The "Honest Broker" method of integrating interdisciplinary research data.
ABSTRACT Multiple clinical informatics systems have been developed within separate departments of the University of Michigan Medical School. We are in the process of creating an "Honest Broker" method of safely and securely linking together data from different clinical systems for a research project studying the co-morbidity of depression and cardiovascular disease. The Michigan Clinical Research Collaboratory (MCRC) is an NIH/NHLBI Roadmap initiative funded to re-engineer the clinical research enterprise.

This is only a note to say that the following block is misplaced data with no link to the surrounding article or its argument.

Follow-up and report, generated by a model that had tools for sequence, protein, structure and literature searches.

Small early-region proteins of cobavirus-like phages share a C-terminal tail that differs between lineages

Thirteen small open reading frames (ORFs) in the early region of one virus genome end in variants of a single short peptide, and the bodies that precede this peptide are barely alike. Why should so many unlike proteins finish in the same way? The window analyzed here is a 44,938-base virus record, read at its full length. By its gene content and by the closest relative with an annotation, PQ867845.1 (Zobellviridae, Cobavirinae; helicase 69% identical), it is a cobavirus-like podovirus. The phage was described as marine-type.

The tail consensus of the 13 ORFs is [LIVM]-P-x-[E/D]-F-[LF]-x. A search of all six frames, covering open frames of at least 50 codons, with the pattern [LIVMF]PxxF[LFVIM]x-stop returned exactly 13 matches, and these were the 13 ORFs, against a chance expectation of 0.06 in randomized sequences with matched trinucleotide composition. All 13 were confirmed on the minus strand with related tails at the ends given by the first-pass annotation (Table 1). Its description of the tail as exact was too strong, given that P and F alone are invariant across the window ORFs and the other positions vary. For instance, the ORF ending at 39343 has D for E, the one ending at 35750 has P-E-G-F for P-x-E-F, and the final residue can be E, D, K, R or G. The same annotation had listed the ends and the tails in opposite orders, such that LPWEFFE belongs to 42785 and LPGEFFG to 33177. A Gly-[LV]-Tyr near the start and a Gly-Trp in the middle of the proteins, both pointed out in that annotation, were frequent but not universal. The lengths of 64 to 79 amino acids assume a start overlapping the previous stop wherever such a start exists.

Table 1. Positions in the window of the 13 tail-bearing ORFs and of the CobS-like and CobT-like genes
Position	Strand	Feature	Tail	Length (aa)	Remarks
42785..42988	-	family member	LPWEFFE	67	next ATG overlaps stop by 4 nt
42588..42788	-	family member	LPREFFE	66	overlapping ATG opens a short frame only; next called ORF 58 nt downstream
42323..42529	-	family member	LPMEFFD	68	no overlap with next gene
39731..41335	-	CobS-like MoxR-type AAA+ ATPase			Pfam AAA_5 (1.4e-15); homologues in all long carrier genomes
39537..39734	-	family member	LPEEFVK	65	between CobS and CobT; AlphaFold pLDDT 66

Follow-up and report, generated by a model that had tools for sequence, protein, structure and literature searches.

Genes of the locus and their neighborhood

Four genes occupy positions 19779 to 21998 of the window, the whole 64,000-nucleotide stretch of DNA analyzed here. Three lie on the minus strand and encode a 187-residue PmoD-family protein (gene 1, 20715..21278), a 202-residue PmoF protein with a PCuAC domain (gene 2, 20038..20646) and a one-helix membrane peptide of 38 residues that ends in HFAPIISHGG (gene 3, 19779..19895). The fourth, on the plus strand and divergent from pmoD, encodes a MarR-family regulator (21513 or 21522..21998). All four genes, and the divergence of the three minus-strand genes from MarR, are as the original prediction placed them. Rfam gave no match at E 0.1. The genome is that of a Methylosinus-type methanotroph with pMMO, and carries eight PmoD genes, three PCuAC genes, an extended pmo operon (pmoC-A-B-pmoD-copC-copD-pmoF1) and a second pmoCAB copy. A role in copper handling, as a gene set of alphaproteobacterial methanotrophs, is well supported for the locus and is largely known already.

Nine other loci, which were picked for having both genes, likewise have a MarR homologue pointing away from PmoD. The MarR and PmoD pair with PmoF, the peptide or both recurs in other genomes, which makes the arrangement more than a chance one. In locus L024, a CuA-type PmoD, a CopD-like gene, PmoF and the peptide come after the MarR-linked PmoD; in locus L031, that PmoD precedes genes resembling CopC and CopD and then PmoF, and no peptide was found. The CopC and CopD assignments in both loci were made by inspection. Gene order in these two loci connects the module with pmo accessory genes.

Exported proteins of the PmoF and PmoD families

Full-textDOI: · Available from: Andrew Dallas Boyd, Aug 09, 2015